Background: Bier block provides anesthesia of an entire extremity distal to the tourniquet without necessitating direct injection at the surgical site. This avoids obscuring anatomy with local anesthetic and anesthetizes a wide area, allowing for multiple procedures and incisions. We hypothesize that a low-volume Bier block with forearm tourniquet, rather than a traditional brachial tourniquet, is a safe, well-tolerated, and effective anesthesia technique. Methods: All cases in which adult patients underwent hand procedures using Bier block anesthesia by a single surgeon over a 4-year period were reviewed. Data collected included patient demographics, procedure(s) performed, complications, tourniquet time and settings, procedure and in-room time, and supplemental medications administered. Results: In all, 319 patients were included, 103 from a university hospital and 216 from an ambulatory surgery center. The most commonly performed procedures were carpal tunnel release (205 cases) and trigger digit release (83 cases). Most patients received a 125-mg dose of lidocaine for the Bier block; many also received additional sedatives. Twenty-three patients received no additional medications. No patients required conversion to general anesthesia. One complication (0.3%) occurred, with paresthesias and tinnitus that resolved without intervention. The average tourniquet time was 24 minutes (SD = 4.3 minutes). Patients were discharged at a median of 49 minutes postoperatively, and 9.1% of patients received supplemental analgesics prior to discharge. Conclusions: Regional anesthesia achieved with a forearm tourniquet and intravenous local anesthetic provides adequate pain control, permits timely discharge home, and has a low complication rate. It should be considered for use in outpatient hand procedures.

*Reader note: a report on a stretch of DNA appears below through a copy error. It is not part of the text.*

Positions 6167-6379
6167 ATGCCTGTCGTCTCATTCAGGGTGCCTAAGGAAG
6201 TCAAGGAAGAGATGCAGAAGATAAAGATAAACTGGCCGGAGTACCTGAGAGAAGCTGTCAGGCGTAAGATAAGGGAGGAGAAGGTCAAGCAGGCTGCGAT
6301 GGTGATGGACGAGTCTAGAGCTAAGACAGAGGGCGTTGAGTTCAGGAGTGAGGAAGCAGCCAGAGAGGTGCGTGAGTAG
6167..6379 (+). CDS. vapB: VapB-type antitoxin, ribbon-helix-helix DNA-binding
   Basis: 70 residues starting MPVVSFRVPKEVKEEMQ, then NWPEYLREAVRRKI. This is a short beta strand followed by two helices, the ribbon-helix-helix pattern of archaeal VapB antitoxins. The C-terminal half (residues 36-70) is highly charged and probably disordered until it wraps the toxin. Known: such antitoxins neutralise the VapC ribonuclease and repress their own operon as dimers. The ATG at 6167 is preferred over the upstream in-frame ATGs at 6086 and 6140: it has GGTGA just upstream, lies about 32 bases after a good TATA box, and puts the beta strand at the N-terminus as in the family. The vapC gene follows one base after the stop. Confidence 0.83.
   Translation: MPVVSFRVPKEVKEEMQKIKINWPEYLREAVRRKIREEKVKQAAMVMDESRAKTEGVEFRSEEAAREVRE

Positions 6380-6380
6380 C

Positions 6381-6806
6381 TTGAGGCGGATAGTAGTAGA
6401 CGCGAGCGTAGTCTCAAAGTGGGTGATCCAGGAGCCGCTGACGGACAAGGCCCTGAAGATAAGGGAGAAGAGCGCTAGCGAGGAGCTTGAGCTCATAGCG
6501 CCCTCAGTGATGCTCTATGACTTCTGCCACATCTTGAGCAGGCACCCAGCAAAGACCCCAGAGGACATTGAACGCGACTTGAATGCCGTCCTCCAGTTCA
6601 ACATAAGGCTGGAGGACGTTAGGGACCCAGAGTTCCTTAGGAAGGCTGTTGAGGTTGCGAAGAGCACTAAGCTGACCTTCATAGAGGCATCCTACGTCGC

All Science Journal Classification (ASJC) codes
- Orthopedics and Sports Medicine